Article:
Last week, I looked up at the sky and couldn’t believe my eyes. For what seemed like the first time in years, I could see a beautiful blue sky over Delhi. India’s national capital is otherwise the most polluted city in the world, according to studies that measure the deadliest particles in the air — PM2.5.
It wasn’t my imagination. Turns out that on the day in question, Delhi recorded it’s first “good” quality air day this year with an Air Quality Index or AQI of 47. The AQI tracks pollutants in the air whether from dust, vehicle exhaust, soil dust, pollen, etc
AQI up to 50 is considered ‘good’, while AQI from 51 to 100 falls under ‘satisfactory’.
According to India’s central pollution control board, ’good’ AQI has minimal impact on health, while ‘satisfactory’ AQI may cause “minor breathing discomfort to sensitive people”. And just to put Delhi’s air pollution crisis in perspective, Delhi recorded only ONE ‘good’ air quality day last year in October, five ‘good’ days in 2020 and two ‘good’ days in 2019.
Which means that the air crisis is a constant pretty much throughout the year, not one that just makes headlines during the winter months when stubble burning and the weather come together to make air pollution a full-blown crisis.
Which is why it is important for citizens to demand answers from the authorities: What are you doing this year to ensure that we are breathing cleaner air?
I still see too many people rolling their eyes when you talk about air pollution, they think it will never really impact them. But it already is.
A report released earlier this year by the University of Chicago’s Energy Policy Institute says air pollution shortens lives by almost ten years in Delhi. It says a permanent nationwide reduction of 25% of particulate pollution would increase India’s national life expectancy by 1.4 years, and the life expectancy for residents of Delhi by 2.6 years.
The report identified India as the world’s second most polluted country, right after Bangladesh. And air pollution is not just a Delhi problem.
The report says more than 63% of the population of India lives in areas that exceed the country’s national air quality standard of 40 µg/m3. It points out that the annual average PM2.5 level for Delhi in 2020 was 107 µg/m3, which is more than 21 times the guideline of the World Health Organisation.
The peak pollution season is now upon us, starting in October and November when stubble burning in Haryana and Punjab in particular causes north India to choke. Over 20 stubble fires over 5 days were recorded last week in Punjab and it is only going to get worse unless the state government urgently intervenes.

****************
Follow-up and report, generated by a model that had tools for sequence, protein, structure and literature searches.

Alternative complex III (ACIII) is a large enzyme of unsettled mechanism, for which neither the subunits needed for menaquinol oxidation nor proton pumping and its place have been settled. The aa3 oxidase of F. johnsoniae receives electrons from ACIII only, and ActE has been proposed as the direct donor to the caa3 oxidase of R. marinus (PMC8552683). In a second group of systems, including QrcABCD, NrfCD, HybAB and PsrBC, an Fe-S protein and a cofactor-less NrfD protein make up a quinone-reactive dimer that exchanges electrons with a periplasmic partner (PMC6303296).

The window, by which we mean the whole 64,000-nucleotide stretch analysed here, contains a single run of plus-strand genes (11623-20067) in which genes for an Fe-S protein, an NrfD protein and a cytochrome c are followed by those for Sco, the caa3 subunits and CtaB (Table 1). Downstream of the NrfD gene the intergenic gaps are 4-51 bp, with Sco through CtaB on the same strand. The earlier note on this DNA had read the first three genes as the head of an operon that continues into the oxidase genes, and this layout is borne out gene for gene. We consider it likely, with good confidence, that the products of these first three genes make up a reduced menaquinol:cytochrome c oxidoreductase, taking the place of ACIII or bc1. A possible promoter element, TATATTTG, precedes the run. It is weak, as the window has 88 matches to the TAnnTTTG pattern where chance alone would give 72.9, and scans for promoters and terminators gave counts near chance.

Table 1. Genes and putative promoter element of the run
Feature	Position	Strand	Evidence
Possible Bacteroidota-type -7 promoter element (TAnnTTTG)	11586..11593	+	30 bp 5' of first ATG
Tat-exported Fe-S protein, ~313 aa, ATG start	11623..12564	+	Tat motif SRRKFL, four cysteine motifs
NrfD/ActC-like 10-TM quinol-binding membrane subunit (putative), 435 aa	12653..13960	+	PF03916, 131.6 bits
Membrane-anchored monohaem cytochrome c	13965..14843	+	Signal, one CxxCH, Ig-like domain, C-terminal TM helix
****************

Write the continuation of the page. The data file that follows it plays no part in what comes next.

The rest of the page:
In the past, the AAP government in Delhi would blame Punjab for Delhi’s air crisis and for not doing enough on stubble fires. But this time, with the AAP itself in power in Punjab, the onus is squarely on them.
Reports say the Punjab government has prepared a big plan which includes a massive awareness drive, distribution of thousands of crop residue management machines and engaging students and religious places to fight paddy stubble burning during the upcoming harvest season. But is it going to work without adequate cash incentives for farmers?
“We are launching a massive awareness drive in villages to motivate farmers not to burn paddy stubble. It will involve 2,800 camps in villages across the state to dissuade farmers from burning the crop residue,” Punjab Agriculture Director Gurwinder Singh is quoted as saying.
In Delhi, reports say the government is making it mandatory for large construction sites of 20,000 square metres or more to install air quality monitors to keep a tab on dust pollution which is a major contributor to the toxic air. In any case when the air deteriorates very badly, construction
Air pollution in north India needs to be treated as a national health emergency and one which we pay attention to throughout the year. It is a shame that the country’s national capital is now the world’s most polluted city.
It means even the most healthy people living here are far more likely to die of diseases like lung cancer. This needs a robust fight from the state and the federal government. We owe it to our kids and to ourselves.
Nidhi Razdan is an award-winning Indian journalist. She is a Consulting Editor with NDTV and has extensively reported on politics and diplomacy.